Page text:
+ An A.L.C. dress jazzy enough for a big night out at Artusi.

+ A Marie Turnor lunch sack leather bag, with room for a paperback score from The Elliott Bay Book Company.

+ Ella Moss flats—so you can investigate Pike Place Market for hours and hours.

+ A Winifred Grace cuff that’s going to make you want to spend the night on the waterfront looking at the stars.

Head this way for way more “Weather Vain.”

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Three Design Books That Winifred Grace Can’t Stop Flipping Through

Hear that? It’s your coffee table calling.

If a picture is worth a thousand words, Winifred Grace’s design-book collection is worth a mill. “I see something different every time I look at them,” says the Chicago jewelry genius. Take a look at the trifecta she reaches for over and over again. —alisha prakash

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House & Garden’s Complete Guide to Interior Decoration
“I have always said that if I weren’t a jewelry designer, I would be an interior designer. I share this passion with my mother, who I stole this book from several years ago. I love that the rooms are not overly designed. They are incredibly personal and really showcase who lives in these homes—there’s an eclectic mix of artwork and patterns and different influences from around the world. The book was published in 1970, but I think all of these rooms are so timeless. I guess all really good design is, right?”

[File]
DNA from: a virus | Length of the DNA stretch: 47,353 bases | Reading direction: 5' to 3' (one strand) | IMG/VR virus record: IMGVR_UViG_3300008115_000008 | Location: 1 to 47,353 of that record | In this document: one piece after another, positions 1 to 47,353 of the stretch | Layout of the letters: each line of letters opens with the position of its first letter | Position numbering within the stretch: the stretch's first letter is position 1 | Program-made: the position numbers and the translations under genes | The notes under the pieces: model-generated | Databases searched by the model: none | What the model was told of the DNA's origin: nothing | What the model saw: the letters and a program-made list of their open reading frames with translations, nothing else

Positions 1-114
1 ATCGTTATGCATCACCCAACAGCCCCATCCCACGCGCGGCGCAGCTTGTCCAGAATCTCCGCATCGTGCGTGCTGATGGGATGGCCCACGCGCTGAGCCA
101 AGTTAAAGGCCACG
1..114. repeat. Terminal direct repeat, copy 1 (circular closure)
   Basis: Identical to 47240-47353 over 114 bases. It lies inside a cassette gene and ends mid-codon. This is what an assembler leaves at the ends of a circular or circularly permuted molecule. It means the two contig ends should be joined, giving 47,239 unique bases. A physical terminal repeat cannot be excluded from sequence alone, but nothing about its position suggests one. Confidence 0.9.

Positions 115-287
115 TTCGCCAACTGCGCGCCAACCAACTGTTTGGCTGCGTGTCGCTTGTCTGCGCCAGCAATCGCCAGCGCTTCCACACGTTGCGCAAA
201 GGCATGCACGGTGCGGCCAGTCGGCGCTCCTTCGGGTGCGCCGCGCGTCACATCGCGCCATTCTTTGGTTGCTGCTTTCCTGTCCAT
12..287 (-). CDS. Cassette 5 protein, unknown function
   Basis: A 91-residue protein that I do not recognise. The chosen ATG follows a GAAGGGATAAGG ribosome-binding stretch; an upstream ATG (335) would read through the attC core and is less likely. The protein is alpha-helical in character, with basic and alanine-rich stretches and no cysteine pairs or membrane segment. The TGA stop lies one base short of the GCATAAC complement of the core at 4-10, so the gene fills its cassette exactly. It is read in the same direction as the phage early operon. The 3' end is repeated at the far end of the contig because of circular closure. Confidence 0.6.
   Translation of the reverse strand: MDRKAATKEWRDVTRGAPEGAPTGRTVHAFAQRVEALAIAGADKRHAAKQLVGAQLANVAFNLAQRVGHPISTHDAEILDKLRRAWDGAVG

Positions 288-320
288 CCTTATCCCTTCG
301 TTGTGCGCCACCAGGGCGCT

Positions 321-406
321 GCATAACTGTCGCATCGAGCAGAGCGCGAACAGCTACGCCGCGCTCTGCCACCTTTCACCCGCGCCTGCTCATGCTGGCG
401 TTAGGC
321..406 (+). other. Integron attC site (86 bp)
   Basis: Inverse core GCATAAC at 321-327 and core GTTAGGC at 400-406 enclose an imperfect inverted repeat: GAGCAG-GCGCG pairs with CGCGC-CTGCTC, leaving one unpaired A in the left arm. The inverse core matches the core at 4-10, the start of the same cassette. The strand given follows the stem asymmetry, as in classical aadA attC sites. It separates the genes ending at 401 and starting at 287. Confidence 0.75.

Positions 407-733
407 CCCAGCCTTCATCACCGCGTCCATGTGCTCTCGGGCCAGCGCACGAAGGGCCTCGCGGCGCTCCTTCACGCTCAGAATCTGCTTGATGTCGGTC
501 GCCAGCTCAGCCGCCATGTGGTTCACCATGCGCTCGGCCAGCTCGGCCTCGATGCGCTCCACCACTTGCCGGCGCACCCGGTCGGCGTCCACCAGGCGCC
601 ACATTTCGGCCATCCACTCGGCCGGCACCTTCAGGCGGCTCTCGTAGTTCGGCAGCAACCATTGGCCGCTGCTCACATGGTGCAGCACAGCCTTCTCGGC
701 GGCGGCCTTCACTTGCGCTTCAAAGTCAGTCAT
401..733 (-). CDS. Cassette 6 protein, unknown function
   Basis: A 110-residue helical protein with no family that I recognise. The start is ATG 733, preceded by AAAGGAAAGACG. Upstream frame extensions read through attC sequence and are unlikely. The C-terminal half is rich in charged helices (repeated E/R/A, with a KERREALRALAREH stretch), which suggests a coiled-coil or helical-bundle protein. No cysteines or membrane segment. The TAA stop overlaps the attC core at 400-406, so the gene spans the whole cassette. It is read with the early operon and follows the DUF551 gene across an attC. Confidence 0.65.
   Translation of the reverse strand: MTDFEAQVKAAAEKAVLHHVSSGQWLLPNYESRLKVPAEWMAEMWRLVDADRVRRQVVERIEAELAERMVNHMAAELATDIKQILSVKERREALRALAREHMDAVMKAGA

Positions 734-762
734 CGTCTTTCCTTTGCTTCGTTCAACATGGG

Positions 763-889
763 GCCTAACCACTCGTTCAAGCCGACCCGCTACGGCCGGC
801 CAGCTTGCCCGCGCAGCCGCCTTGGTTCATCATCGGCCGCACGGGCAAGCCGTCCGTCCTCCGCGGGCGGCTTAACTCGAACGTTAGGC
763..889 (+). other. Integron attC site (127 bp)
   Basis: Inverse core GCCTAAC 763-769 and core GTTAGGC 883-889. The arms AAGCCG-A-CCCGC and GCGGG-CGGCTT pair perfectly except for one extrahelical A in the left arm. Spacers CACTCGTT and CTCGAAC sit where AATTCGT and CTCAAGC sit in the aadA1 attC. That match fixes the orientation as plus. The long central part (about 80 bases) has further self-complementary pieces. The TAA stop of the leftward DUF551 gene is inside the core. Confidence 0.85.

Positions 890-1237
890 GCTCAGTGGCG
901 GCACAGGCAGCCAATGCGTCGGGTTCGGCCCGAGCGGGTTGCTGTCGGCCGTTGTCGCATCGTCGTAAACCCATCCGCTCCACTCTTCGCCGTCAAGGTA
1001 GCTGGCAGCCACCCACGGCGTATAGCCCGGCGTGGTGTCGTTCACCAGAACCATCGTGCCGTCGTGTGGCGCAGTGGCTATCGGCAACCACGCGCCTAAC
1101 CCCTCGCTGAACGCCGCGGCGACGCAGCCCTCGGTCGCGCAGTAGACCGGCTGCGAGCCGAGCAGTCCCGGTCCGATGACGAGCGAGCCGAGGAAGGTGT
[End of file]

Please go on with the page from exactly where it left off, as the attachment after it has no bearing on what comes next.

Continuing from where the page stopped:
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Joseph Cornell / Marcel Duchamp…In Resonance
“This book chronicles the relationship between artists Marcel Duchamp and Joseph Cornell and celebrates their fascination with the connection between art and the found object. This book makes me want to crawl in to the pages and explore all the wonderful handwritten notes, torn newspaper scraps, old photographs, and paper packaging. The beautiful part about it is that it gives these potential pieces of trash lives of their own. It glorifies them, giving them a story and importance. It’s like going through your grandparents’ drawers filled with memories and nostalgia and realizing they had lives before you.”

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Printed Matter / Drukwerk
“I bought this Karel Martens book while I was a graphic-design student, and it made my heart sing upon first glance. Rich with color, there is a cadence to these juicy works and how they are displayed—the chaotic business of images layered on top of one another, jammed into one small space, or the quiet respite of a clean page with a just a few examples of work. It was an awakening for me to see information displayed in such an emotive, robust way.”

Winifred’s newest edition is just as inspired as these printed beauties!

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Shelf Life: The 21 Super-Inspiring Books That You Don’t Own But Should

Need some new source material? Well, then let some way-talented, hyper-creative designers guide you toward the best ways to fill your bookshelves. And your coffee table, too. —erica